(209c) Reaction-Relevant Gold Structures in Au-Feox Catalysts for the Water-Gas Shift Reaction

Authors: 
Si, R. - Presenter, Brookhaven National Lab
Zhai, Y. - Presenter, Tufts University
Frenkel, A. - Presenter, Yeshiva University
Overbury, S. H. - Presenter, Oak Ridge National Laboratory
Flynn, G. - Presenter, Columbia University
Rim, K. - Presenter, Columbia University
Deng, W. - Presenter, Oak Ridge National Laboratory


Gold-iron oxide catalysts have been found equally active to gold-ceria and more stable for the WGS reaction at temperatures higher than 250 °C.1 An important stabilization of gold activity by magnetite at temperatures as high as 375 °C has been observed.1 However, the evolution of gold species on the surface of iron oxide and structural stability under different reaction gas compositions and temperatures is not well understood and is the subject of investigation. Here, we report on studies of gold structure evolution in the WGS reaction on Au-FeOx catalysts with the aid of X-ray absorption near-edge structure (XANES) and extended X-ray absorption fine structure (EXAFS) spectroscopy, high resolution transmission electron microscopy (HREM) and scanning tunneling microscopy/spectroscopy (STM/STS). From the results of in-situ XANES/EXAFS, the fresh AuFeOx sample contained only fully dispersed gold ions. This was also confirmed by sample images collected in an aberration- corrected HREM at ORNL. The coordination number (CN) of Au-Au grew after the WGS reaction, together with a decrease in CN of Au-O. Redispersion of gold on the iron oxide surface was observed after subsequent reoxidation in O2/He. Similar reduction/redispersion phenomena were recently found on gold-ceria catalysts for the WGS reaction.2 Catalytic tests showed that the initial activity (fully dispersed gold in ceria) was maximum. STM/STS work focused on the interaction of Au with the Fe3O4 (111) surface. Current data show that gold atoms stabilized on a magnetite (111) surface after high-temperature annealing change the electronic properties of the iron oxide surface, consistent with the strong interaction found in powder samples.3 These results as well as data from catalytic activity tests, XRD, XPS and H2-TPR analyses of the gold-iron oxide samples will be discussed in the presentation.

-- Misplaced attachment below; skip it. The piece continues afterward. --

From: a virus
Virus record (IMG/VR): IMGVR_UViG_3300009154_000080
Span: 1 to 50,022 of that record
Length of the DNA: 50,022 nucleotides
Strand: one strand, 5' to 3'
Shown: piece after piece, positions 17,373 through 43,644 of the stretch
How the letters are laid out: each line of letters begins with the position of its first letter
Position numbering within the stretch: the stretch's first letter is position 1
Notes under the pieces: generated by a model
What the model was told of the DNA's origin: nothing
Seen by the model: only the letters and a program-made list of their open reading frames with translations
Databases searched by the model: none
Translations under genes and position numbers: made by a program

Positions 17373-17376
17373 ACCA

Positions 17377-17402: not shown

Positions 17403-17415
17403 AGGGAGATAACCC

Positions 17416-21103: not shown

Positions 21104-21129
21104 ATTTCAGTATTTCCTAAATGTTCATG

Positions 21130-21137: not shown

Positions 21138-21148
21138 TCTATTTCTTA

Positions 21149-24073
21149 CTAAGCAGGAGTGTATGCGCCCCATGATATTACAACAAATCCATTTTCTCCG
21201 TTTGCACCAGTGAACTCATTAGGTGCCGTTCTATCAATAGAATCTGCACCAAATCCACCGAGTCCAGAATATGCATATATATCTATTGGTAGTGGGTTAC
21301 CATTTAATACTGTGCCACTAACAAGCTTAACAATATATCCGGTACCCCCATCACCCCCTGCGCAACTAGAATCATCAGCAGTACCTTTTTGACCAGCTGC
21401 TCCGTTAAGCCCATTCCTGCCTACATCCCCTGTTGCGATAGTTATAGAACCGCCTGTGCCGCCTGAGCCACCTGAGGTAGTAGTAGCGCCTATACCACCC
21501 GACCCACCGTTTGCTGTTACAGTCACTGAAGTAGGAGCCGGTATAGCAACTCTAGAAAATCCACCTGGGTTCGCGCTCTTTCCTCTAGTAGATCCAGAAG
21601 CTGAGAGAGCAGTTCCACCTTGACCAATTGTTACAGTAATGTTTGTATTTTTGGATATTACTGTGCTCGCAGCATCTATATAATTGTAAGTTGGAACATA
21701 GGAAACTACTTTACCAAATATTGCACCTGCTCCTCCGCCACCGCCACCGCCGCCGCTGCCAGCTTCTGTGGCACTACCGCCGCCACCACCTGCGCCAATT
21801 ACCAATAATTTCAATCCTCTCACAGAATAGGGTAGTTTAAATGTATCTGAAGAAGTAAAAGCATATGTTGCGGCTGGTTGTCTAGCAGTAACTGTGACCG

References:

1. W. Deng, C. Carpenter, N. Yi, M. Flytzani-Stephanopoulos, Top. Catal. 2007, 44, 199.

2. W. Deng, A. Frenkel, R. Si, M. Flytzani-Stephanopoulos, J. Phys. Chem. C, 2008, 112, 12834.

3. K. T. Rim, D. Eom, G.. W. Flynn, R. Si, M. Flytzani-Stephanopoulos, ?Quantum confinement effects in gold clusters adsorbed on an iron oxide surface: A scanning tunneling spectroscopy study?, in preparation.